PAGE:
Public relations newbies, do not let your summers waste away! The end of August will slowly but surely creep up on you and you don’t want to have nothing to show for it when it does. Use this extra time to prepare and put yourself ahead of others. Being a newbie myself, these are the few things that really helped me get started.
Do Your Research
You don’t have to plan everything out, but researching about the PR field is a good start. Get to know the different sectors and get a heads up on what to expect. Pay attention to the day-to-day responsibilities, potential outlook and opportunities, earnings, and the educational path you need to take to get there.
It’s always important to stay on top of the news and what is going on in the PR field. Put the companies you want to work for on your radar and take note of their latest moves and projects. This will be useful for when you want to apply for a position in their company. You can read their press releases, join their LinkedIn company profile, or subscribe to their Twitter feed.
Perfect Your Cover Letter and Resume
Your cover letter and resume are written first impressions. Use your cover letter to pull potential employers in by providing a brief summary of your experience and what assets you can bring to the table. Stay away from using cliché words and phrases. Keep your letter light and interesting to read. Your resume should complement your letter. This is where you provide a more detailed description of previous education, work experience and responsibilities.
Remember to proofread everything before sending your applications out. Ask others to read it over; they might notice small errors that you may have overlooked.
Do an Internship
PR is all about the internships. Although your academic background is an important factor, previous related work experience is invaluable. Use the internship to start building professional relationships and to learn as much as you can. Soak up everything that happens around you and never be afraid to ask questions or share ideas. The more you put into the position, the more you will get out of it.
An internship is also the perfect opportunity to make personal decisions about what you do and do not want to do in the future. As an intern, you will get to do a little bit of everything so take note on the areas that best suits your skills and interests.
Use your connections and reach out to professionals
Use your connections. A big part of PR is the people you know so it is never too early to start building your network. If there is a PR professional that you have the smallest mutual connection with, don’t be afraid of reach out to them and see if they’re up for setting up an informational meeting or interview. The best way is to reach them through email or twitter.
Since social media has grown to have a large presence in public relations, venture out onto their company’s Facebook or Twitter pages. Leaving smart comments and retweets will show your interest in their company. The point is, get noticed!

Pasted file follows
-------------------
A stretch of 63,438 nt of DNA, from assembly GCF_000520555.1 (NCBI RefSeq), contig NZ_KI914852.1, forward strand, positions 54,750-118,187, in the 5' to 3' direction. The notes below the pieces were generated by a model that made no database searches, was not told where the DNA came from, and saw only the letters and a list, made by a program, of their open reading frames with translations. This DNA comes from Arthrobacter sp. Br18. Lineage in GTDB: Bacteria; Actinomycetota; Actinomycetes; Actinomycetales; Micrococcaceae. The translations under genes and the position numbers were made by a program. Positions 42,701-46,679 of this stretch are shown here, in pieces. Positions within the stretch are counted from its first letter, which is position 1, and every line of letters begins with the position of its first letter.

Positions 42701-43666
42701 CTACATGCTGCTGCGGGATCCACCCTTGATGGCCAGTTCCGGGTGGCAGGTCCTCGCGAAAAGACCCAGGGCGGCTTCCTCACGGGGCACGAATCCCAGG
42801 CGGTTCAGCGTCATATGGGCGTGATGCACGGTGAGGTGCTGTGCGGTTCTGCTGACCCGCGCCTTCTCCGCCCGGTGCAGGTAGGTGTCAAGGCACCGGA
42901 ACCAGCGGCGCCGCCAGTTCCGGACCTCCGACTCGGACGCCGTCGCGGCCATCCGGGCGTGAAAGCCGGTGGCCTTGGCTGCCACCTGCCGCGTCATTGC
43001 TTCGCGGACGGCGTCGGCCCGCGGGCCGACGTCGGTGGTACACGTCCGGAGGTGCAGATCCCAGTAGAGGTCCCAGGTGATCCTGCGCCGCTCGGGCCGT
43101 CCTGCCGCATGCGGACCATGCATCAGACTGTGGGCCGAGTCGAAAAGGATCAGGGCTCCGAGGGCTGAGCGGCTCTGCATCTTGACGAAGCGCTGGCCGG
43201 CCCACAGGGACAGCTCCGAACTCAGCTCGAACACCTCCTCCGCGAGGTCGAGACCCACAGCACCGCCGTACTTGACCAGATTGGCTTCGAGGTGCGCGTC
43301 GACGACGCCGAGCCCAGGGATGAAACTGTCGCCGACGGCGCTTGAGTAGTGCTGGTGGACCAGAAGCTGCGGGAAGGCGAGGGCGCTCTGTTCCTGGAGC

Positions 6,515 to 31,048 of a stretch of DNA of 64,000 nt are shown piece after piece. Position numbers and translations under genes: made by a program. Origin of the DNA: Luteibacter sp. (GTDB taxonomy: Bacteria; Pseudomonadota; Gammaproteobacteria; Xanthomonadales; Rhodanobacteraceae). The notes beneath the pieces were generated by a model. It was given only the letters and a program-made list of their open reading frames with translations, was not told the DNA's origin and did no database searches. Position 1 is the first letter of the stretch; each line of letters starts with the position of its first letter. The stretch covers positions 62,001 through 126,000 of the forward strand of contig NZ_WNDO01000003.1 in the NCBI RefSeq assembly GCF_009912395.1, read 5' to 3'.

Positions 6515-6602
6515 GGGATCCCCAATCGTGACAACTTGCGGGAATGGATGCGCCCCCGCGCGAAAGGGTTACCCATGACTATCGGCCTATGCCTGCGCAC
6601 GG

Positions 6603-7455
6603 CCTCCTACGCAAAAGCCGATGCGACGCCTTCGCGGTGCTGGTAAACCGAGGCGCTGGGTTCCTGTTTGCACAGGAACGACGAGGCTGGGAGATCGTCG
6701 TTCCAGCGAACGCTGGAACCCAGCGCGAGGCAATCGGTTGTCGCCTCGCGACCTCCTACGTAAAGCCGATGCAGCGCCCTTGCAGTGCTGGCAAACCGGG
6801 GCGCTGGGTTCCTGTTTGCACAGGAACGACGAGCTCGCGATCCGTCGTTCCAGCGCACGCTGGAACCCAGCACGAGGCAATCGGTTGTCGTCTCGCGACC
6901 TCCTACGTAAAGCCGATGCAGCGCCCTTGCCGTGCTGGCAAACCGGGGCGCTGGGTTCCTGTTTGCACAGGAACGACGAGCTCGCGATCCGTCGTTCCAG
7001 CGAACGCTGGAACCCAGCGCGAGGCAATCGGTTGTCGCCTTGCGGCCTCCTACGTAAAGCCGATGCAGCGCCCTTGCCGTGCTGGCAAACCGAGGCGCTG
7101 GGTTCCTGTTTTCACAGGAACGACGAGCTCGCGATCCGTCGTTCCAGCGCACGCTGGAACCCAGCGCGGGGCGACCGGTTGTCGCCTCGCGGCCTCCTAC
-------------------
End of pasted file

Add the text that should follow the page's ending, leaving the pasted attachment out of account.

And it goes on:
With that said, do not pester the person you are trying to reach out to. If they don’t get back to you, it is probably because they are too busy at the moment or they are not interested. Don’t spam them with emails or Facebook likes. When they want to or have the time to respond, they will.
Go On Interviews
Even if you already have in internship secured, go to the interview. Use it to gain the extra experience or see it as practice for future interviews. It also gives you a chance to talk to someone who is currently in the field, so any information or advice you get from them will be useful. Ask questions and keep their feedback in mind.
If you have the time and ability, it never hurts to juggle two internships at once either. And you never know, you might land an internship for fall from one of these interviews!
Start building up your portfolio
A portfolio can help you alongside the cover letter and resume in a job application or interview. Start collecting pieces of your work that best reflect your strengths. If you’re better in writing, put together the short stories that you have written in your free time or the press release assignments from school. If your strengths lie in the visual side, build a portfolio of your animations and artworks. This gives employers a chance to see what you are capable of and what to expect from you as a potential intern.
Expand your LinkedIn profile
Before calling you in for an interview, employers will probably look for your LinkedIn profile. If you don’t have one already, make one. LinkedIn is a useful online tool that can be used to showcase your work experience and develop a processional online presence. It makes for faster networking and also easier for employers to contact you.
Click here for tips on how to brand yourself on LinkedIn!
Don’t Throw Away Business Cards
If a PR professional gives you their business card, keep it. You might need a favour or someone’s contact info one day.
Written by EDPR intern, Vivian Kwong